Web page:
Results tagged ‘ Bobby Jenks ’

Second Place, Manny and Looking Ahead to 2011

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Some White Sox thoughts on a football Saturday:
* Even before this week Sox fans got used to the fact that we weren’t going to catch the Twins. No one is really talking about it, but we now have a challenge to stay ahead of the Tigers and secure second place. After last night only six games separate us and Detroit. Two more Tiger victories this weekend (it’s Lucas Harrell vs. 16-game winner Justin Verlander this afternoon) and our lead is down to four. Then it’s off to the West Coast followed by a four-game series with the depleted, but always tough, Red Sox. I don’t want to cause any panic, I’m just saying…
* I wrote it before we acquired Manny Ramirez, I wrote it when we got Manny and I’ll say it again now after Manny has had no impact on the Sox pennant chances: regardless of his performance in a Sox uniform, it was the right thing for management to do. I do find it almost laughable, though, that it took a green uniform (because of the halfway to St. Patrick’s Day promotion) and nearly three weeks for him to record his first home run and RBI. To be fair, he is hitting .295 with a .456 on base percentage since arriving in Chicago.
* The Sox brass has a lot of lot of decisions to make in the offseason. So, it’ll be interesting to see how the ’11 Pale Hose are constituted. Some questions:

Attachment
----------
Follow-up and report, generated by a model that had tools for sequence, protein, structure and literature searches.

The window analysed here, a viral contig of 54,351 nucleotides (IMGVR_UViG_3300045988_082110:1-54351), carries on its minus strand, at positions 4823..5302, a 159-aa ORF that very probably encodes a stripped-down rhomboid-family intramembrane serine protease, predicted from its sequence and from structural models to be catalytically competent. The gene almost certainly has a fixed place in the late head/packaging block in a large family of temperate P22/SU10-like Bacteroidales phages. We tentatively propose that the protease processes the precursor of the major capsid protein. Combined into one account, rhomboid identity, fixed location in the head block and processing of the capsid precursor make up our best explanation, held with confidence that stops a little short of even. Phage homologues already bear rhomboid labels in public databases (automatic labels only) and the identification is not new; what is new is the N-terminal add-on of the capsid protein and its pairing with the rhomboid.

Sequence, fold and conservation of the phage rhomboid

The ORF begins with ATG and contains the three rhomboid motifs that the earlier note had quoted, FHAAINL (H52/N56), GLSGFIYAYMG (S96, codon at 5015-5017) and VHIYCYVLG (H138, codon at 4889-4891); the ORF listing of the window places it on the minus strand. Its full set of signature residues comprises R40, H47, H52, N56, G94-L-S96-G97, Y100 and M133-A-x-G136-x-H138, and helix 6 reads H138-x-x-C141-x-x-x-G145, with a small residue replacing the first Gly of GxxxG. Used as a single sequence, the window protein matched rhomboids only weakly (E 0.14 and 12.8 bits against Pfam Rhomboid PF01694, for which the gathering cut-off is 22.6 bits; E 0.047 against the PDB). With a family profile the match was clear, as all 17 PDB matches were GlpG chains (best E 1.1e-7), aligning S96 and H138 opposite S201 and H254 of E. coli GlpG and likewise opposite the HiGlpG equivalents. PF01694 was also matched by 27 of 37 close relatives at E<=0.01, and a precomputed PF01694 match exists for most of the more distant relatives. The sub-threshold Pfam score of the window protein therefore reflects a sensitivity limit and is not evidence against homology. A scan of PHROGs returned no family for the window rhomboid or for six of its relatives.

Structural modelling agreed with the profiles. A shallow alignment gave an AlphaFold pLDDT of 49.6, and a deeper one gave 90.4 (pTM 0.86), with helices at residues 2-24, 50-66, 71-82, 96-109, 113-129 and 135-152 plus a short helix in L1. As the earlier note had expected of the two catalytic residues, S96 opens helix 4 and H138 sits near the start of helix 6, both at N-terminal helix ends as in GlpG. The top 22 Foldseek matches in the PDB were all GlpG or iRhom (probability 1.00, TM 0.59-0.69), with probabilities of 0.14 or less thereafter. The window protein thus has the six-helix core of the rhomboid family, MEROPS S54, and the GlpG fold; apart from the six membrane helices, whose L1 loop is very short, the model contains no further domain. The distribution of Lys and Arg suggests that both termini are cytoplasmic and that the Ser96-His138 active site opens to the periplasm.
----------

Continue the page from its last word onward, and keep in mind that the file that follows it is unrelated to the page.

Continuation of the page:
–Will the Sox sign free agents Paul Konerko and A.J. Pierzynski?

–Will the South Siders bring back Omar Vizquel, after his amazing season?

–Will the intense, but brittle, Carlos Quentin be back?

–Will Tyler Flowers and Jordan Danks, who both seemed to take a step back this season, be viable candidates for the major league roster?

–What will become of Freddy Garcia?

–Will Chris Sale be in the starting rotation?

–Will Jake Peavy be ready for spring training?

–I can’t see Manny, Mark Kotsay or Andruw Jones returning, so who becomes the DH?

–All indications are that Bobby Jenks is a goner, so who will close? J.J. Putz?

–Despite the fact he has two more years to go on his three-year deal, will the disappointing Mark Teahen still be in a Sox uniform even as a utilityman? 

–What are Brent Morel‘s chances of winning the starting third base job? Maybe a platoon with Vizquel?

–I know I’m burying the lead, but will both Ozzie and Kenny Williams be back?